It’s been seven weeks since her 10-year-old son’s school was forced to close because of the coronavirus, and Crystal Manuel has been frustrated.
She gets a weekly robocall from his principal at Townsend Elementary School in Milwaukee. But until Friday, she had yet to hear from any of his teachers.
He shares the family laptop with his older brother because he hasn’t received the Chromebook from his school. And while he could access Milwaukee Public Schools’ educational games, virtual field trips and other online resources, Manuel said, until Friday, there were no actual assignments, no interactions with teachers and no clear explanation of expectations.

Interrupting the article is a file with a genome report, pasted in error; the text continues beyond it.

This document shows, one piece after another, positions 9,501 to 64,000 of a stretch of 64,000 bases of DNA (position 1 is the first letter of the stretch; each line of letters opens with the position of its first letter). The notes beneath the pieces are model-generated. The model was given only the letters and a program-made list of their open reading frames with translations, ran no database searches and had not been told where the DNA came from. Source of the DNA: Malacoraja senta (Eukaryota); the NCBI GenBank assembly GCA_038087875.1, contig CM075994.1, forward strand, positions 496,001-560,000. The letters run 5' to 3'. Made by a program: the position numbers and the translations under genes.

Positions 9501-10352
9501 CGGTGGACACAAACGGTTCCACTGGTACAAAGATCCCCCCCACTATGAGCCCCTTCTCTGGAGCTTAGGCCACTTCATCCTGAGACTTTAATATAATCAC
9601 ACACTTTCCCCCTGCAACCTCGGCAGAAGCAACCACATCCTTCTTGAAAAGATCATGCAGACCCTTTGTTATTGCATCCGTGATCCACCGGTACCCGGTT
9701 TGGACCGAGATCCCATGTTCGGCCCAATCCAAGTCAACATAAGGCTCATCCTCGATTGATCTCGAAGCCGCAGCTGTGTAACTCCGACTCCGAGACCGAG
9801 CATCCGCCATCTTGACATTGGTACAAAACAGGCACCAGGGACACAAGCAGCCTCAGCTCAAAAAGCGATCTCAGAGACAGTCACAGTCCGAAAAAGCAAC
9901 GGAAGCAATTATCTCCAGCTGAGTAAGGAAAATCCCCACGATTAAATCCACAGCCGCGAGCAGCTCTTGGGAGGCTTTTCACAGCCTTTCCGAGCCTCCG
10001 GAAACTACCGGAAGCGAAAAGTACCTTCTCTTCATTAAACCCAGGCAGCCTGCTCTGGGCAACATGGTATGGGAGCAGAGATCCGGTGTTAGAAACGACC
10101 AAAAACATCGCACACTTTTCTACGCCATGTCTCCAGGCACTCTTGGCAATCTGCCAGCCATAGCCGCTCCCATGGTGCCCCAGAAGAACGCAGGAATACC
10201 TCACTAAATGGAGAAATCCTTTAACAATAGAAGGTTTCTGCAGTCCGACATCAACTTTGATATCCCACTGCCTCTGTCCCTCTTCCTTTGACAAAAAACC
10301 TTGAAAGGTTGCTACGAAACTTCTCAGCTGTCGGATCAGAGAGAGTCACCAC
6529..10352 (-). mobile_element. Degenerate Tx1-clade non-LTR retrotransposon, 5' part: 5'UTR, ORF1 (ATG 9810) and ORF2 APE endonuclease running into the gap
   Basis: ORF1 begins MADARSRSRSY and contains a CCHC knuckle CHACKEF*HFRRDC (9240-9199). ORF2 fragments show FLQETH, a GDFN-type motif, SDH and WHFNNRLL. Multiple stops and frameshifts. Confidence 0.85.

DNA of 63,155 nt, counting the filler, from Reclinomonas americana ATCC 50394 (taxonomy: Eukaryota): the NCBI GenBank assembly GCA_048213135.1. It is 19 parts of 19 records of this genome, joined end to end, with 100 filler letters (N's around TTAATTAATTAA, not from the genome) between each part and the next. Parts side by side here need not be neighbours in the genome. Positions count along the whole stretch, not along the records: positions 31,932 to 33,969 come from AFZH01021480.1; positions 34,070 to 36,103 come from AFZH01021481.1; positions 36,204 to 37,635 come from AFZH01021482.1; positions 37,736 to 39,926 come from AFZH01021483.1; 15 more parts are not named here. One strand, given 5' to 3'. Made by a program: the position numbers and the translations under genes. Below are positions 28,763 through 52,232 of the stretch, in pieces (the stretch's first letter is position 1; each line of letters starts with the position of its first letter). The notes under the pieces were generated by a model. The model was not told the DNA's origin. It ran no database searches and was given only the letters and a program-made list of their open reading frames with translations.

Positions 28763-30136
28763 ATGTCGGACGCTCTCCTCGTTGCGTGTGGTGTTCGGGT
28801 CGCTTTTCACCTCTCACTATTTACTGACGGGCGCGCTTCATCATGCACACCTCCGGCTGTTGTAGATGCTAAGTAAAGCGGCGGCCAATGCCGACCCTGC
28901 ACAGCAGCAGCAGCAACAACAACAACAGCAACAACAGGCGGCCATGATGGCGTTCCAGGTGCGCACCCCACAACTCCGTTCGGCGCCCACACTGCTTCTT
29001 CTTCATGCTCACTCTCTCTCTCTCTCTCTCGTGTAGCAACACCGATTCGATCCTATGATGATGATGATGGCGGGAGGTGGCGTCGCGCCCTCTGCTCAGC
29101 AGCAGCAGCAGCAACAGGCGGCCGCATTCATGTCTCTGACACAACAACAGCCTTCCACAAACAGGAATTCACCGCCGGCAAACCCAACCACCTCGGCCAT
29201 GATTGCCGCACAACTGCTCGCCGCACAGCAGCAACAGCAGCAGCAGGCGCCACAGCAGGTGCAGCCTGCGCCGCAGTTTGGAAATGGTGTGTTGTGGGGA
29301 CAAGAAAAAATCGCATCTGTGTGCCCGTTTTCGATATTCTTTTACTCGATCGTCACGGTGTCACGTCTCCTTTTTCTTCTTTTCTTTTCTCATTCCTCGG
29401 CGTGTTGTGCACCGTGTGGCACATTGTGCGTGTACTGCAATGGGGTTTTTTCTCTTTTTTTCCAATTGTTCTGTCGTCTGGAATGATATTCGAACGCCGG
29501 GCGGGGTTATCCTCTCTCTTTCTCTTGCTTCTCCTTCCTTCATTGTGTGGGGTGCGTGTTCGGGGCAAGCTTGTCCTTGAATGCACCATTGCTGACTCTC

“I have educators in my family that live in different states, and I see teachers calling students, doing Zoom, texting, FaceTiming — even teachers working with kids through windows and doors,” said Manuel, who wants her son to have the same kind of learning experience.
“It’s just discouraging,” she said last week. “I don’t want this pandemic to put him behind, and then he has to play catch-up next year. It’s just a lot of wasted time.”
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